Correction on the previous post

I posted about smoking meats inside with a range hood. It worked very well with propane and the small wood chip box but when I tried it with the off set fire box with sticks it overwhelmed the range hood. On one of the forums, someone posted this photo and it gave me 2nd, 3rd and 4th thoughts. My previous post was not a good idea and I hope that nobody tried to duplicate my setup. I think that is a very good demonstration of the value of the forums.

Categories: Smoking meats, Uncategorized | Tags: | 2 Comments

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2 thoughts on “Correction on the previous post

  1. Oh my! This is a good lesson to heed. So glad someone on a forum was willing to share in order to teach a lesson.


  2. John Best

    Heck, I hate to suggest this because of the carbon monoxide hazard you’re fooling with, but here goes……what if you started a ‘feeder fire’ outside to make nice embers, then, with a shovel, bring just enough in to keep your hickory or applewood or whatever smoking?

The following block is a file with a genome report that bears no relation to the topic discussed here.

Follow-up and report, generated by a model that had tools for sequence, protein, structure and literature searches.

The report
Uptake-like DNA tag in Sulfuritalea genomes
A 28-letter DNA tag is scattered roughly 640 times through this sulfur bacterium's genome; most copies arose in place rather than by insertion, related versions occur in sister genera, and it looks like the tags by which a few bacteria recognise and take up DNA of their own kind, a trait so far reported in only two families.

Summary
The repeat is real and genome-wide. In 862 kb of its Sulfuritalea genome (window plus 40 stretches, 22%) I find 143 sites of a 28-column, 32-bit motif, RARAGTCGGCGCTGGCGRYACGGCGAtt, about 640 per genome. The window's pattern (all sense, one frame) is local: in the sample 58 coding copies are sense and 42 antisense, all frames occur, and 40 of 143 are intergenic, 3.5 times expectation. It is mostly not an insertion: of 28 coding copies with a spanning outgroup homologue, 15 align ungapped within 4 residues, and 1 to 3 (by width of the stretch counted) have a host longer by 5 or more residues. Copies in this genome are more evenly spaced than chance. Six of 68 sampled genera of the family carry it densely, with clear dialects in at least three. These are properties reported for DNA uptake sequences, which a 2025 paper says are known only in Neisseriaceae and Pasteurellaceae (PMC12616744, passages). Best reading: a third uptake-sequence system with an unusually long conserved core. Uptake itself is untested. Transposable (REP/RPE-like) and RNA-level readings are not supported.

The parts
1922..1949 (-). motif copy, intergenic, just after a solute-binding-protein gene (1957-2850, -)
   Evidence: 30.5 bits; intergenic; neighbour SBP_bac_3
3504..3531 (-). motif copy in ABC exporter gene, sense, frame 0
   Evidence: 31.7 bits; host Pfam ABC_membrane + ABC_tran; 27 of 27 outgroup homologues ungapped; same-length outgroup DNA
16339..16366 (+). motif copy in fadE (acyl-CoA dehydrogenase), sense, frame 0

On my outdoor grill, I put a tuna can, filled with mesquite chips that I’ve soaked a bit in water. As the water dries out, and they get hot they start to smoke. A tuna fish can of chips makes a fair amount of smoke, and you can see the the redness from the smoke on the meat, and the taste sure is there as the final proof.

    There’s another aspect to this…..smoke penetration. I don’t think you need smoke the whole time you’re cooking to get the flavor, but how much smoke is needed and when?? On the outdoor grill, the tuna can method smokes decently for about 15 minutes or less, and it tastes good, but I wonder if it’s better to smoke early in the process or later.

    Heck, you might not even fool with charcoal to fire your smoking chips……what about a hotplate in the firebox with a tuna can on it? Should be easier to control the ‘combustion’ rate that way. If you can keep it just shy of igniting your smoking wood, it’s not even producing carbon monoxide. Get a thermocouple based temperature controller for the hotplate, and flood the tuna can with an inert gas to prevent combustion. Argon should do it.


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